Background: Radiologically isolated syndrome (RIS) is defined as the occurrence of incidental brain MRI lesions suggestive of multiple sclerosis (MS) in otherwise healthy subjects without any signs or symptoms that could indicate to the disease. We evaluated cognitive performance in a cohort of RIS patients. Methods: A retrospective analysis of prospectively collected data from a population-based registry documenting demographic, clinical and imaging data of MS patients followed at our institution. Cognitive performance of subjects diagnosed with RIS according to Okuda's criteria was evaluated. Cognitive assessment was performed using MindStreams Global Assessment Battery to evaluate memory, executive function, visual spatial perception, verbal function, attention, information processing speed and motor skills, and compared to that of age- and education-matched healthy population. Results: Thirty patients diagnosed with RIS, mean age at first MRI, 34.3 ± 1.9 years, and disease follow up ranging from 1 to 15 years, were included in the study. Eight patients (26.6%) converted to MS within 4.2 ± 1.4 years. Cognitive performance was relatively preserved with a mean global cognitive score of 98.4 ± 1.6 (median, 100), but all cognitive measurements were below the mean performance for age- and education-matched healthy population. Similar to MS patients, information processing speed was the most impaired cognitive function, mean 94.7 ± 2.04, median 94. Cognitive performance did not differ between RIS patients who converted to MS and those who remained with sustained RIS. Conclusions: Cognitive performance in RIS subjects was below average for age- and education-matched norms. Information processing speed was the most impaired cognitive test. Cognitive performance of RIS subjects should be followed closely in order to identify any changes that may indicate conversion to MS.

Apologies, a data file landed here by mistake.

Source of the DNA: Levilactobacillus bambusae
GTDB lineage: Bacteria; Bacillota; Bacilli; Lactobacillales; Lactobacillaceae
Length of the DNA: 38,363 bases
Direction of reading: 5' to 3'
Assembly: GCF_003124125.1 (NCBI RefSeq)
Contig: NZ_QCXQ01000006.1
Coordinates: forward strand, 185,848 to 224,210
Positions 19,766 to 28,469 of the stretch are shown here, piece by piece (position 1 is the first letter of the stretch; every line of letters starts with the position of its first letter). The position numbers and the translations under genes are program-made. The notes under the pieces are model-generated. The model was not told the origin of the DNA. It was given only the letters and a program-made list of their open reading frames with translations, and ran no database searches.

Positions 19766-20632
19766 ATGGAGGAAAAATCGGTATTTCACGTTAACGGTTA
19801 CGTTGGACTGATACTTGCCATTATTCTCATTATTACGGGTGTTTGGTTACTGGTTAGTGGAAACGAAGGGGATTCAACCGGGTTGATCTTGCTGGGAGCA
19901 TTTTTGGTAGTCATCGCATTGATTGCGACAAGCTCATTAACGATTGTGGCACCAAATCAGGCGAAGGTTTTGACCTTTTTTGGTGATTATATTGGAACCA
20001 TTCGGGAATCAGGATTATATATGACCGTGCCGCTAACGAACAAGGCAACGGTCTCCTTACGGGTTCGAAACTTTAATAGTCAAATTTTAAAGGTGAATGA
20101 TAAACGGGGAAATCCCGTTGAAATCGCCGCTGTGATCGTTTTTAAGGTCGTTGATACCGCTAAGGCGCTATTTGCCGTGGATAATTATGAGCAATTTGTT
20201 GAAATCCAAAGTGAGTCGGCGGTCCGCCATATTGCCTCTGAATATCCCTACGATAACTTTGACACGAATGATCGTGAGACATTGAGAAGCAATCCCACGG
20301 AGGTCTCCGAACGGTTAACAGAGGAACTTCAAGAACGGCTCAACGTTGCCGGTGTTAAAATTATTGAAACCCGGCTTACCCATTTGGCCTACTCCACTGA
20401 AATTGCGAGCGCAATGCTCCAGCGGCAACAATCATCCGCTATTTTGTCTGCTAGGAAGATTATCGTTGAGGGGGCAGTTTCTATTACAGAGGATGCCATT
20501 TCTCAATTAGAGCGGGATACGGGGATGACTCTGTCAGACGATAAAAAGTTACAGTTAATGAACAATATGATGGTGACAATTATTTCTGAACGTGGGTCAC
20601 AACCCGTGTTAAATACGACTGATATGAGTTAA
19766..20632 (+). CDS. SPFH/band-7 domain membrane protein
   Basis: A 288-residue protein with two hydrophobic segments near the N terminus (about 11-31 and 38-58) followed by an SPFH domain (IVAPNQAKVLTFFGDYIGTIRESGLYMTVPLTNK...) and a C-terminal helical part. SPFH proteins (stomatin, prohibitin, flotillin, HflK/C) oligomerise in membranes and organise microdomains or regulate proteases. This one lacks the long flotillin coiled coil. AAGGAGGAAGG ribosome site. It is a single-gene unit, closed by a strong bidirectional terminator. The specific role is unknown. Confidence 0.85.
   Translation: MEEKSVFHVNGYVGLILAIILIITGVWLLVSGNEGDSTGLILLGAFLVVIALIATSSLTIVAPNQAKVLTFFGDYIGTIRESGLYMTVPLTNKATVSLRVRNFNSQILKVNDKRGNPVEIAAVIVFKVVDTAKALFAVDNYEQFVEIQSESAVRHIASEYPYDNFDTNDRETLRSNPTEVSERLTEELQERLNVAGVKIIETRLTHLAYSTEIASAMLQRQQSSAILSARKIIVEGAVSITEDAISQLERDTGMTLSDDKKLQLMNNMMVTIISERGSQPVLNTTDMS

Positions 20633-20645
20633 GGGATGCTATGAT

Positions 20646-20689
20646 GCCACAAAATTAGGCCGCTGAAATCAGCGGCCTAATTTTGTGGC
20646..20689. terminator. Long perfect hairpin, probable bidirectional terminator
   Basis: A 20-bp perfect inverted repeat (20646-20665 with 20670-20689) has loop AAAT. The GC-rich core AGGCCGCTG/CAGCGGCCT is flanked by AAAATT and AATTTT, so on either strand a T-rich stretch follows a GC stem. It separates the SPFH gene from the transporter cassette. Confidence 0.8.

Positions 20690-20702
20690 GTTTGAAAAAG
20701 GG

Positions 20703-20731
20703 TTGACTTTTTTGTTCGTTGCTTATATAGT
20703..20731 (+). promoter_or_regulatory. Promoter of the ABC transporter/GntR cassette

All Science Journal Classification (ASJC) codes
- !!Clinical Neurology